How do We Measure Discipleship?

A Big Question on Discipleship
How many of us feel we are really hitting it out of the park in our Christian growth? I think most of us don’t. And if we did, that might in fact be a bad thing. Nevertheless, most of us Christians tend to live with a gnawing sense of constant failure, insecurity, and self-consciousness.

If we are truly growing in our faith, we should be both growing in both our sense of brokenness and humility on the one hand while at the same time growing in our sense of security with the savior on the other. That is the fruit of true Gospel love, true gospel transformation, and true Gospel peace.

Raising Both Bars
When I mention “raising the bar,” I do not mean the old Olympic high-bar analogy, but more like the bars in a bar-graph. When we look at a bar-graph we see multiple bars that measure some quantities in comparison and contrast. 

Let’s imagine for a moment a bar graph in which there are two quantities. The first is the holiness/obedience meter. This measures our growing levels of learning to live like, obey, and reflect the character of Jesus. The second is the humility meter. This one measures our sense of imperfection, brokenness, and need for saving. 

Both of these bars should (generally) go up together (i.e. If we grow in holiness, we must be growing in humility). Likewise, as we grow in humility, our holiness increases with it. If our humility increases and our holiness does not, it is really more of a show and we are a fraud who is in fact feigning humility. For instance, many of us as Christians, when called upon to own this or that fault can be heard admitting “yep, I’m a sinner…” Yet this is just a reigned humility, no different from the old “nobody is perfect…” that the most godless person will appeal to.

This is what I call the “jump into the crowd” method, where when the light is shone on our sin, we just try to get lost in the crowd by pointing out how we are really no worse than anyone else. What this does is avoid true culpability to sending up a flare the takes the focus off ourselves by pointing out the ungodliness of the rest of the human race. When the Gospel takes hold of our lives, our sin disgusts us and drives us to true repentance. We feel the sting of it as if we were the only person who ever did anything like that, we own it, and we hunger for God’s forgiveness.

On the other hand, if our obedience increases and our humility does not, we become little more than a religious hypocrite. Again if we are able to comply with the general moral expectations of God’s word, but we do not grow in humility, this is also a show. This is revealed very quickly when we are cleaned up on the outside and very quick to pass judgment on others.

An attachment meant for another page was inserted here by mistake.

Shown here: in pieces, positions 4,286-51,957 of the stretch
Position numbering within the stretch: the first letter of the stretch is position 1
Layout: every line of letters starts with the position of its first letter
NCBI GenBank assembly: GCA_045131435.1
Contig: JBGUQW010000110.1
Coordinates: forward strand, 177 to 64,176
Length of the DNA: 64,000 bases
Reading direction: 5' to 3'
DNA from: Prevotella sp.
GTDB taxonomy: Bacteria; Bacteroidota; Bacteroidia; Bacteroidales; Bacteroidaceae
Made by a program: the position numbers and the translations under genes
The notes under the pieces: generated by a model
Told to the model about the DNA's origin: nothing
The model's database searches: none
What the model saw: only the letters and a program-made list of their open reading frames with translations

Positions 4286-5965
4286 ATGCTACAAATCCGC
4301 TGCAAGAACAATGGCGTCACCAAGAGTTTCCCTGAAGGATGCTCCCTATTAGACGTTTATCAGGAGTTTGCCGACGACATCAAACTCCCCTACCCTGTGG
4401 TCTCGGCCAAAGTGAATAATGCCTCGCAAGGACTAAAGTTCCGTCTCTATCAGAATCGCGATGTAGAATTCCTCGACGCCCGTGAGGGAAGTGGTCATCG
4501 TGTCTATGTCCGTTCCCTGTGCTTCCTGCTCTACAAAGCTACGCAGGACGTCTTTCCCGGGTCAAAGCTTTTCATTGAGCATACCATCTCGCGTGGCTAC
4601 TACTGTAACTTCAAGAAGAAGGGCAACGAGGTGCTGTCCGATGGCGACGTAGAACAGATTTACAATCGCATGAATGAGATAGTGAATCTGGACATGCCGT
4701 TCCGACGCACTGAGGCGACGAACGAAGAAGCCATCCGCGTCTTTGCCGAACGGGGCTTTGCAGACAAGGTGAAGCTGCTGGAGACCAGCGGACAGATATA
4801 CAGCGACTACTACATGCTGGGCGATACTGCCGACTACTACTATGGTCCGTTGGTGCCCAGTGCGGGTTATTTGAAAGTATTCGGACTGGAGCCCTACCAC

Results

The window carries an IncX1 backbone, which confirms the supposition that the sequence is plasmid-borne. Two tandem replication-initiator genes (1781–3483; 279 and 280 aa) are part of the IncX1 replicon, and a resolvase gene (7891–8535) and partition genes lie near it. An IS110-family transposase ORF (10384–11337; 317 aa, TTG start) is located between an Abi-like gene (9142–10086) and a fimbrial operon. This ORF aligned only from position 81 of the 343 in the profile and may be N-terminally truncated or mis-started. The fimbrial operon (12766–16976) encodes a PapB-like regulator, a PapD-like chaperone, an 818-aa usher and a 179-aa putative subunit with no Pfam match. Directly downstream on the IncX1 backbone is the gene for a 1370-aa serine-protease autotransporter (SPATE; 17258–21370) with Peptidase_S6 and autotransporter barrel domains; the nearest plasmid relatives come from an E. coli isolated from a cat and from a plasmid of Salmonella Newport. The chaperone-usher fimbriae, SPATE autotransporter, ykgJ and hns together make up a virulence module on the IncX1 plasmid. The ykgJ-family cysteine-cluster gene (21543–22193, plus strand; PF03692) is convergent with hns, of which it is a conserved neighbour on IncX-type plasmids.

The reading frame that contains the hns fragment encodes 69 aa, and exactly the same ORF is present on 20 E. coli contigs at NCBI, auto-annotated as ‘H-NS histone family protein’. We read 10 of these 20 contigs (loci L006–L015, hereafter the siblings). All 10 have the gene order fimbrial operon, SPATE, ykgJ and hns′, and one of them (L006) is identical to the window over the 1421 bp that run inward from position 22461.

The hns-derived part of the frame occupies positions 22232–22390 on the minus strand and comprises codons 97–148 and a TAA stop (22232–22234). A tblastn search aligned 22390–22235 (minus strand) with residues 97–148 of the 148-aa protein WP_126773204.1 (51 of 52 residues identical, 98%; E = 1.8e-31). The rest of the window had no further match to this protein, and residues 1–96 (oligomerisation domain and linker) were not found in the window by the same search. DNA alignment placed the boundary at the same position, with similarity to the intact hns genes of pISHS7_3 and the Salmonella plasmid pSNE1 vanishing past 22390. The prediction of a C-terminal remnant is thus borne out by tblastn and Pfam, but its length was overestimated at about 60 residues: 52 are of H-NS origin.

So what is True Discipleship and How do we Measure It?
So what is true discipleship? It is not a program, service, or event. These things can of course be part of the process. But discipleship is the process of life in the Church that shapes us more to the image of Christ. More tangibly, it raises both bars: it challenges us to deeper levels of obedience (both outwardly and inwardly) and it increases humility. This means that while we grow in obedience, we never feel like we are. Our sense of duty to obey Christ and sense of need for forgiveness and saving grow together.

This kind of discipleship is palpable. It makes a noticeable difference in our lives and relationships. It leads to an ever-growing peace within our relationships with our family, friends, and enemies.

How then may we measure discipleship? We measure it in several ways. In the most general sense, it should lead to peace. This is certainly not a perfect peace, the kind we will experience in the kingdom of God. But it is in fact a taste of it in our lives that is growing, tangible, and evident. Here are three key ways:

  1. Discipleship works itself out in better relationships. This is one of the most obvious. When the Gospel changes us, it has the opportunity to change how we relate to everyone around us in practical ways. Discipleship mends fences; it redeems broken relationships.
  1. Discipleship creates peace within ourselves. We no longer want to hold onto our pride, our neighbor’s faults, and so on. It creates both psychological and emotional peace within ourselves and with the world around us—a peace rooted squarely in forgiveness.
  1. Discipleship creates a posture of repentance. We need to unpack this more elsewhere, but for now, let’s summarize. True discipleship produces repentance that leads to humility. Repentance is the process of self-examination, owning our faults, and asking forgiveness of God and others. When you repent, especially in your relationships, this refreshes, renews, and rebuilds broken relationships.

These three can be considered benchmarks and consequently provide some standard by which we can begin to measure our growth. We will come back to these more. But for now, we can use these to begin to get our bearings. 

So here is a helpful exercise to start to begin applying them. (1) Set aside some time in a quiet place. A place outdoors or inspiring is preferable, especially where you can be alone without interruption. (2) Bring a pad and pen to do some brainstorming. Begin by brainstorming how you are living and experiencing each of these categories. Then review and begin praying about it. (3) Share it with a safe close relationship like a confidant, close friend, or spouse who can give you some kind of objective thought.

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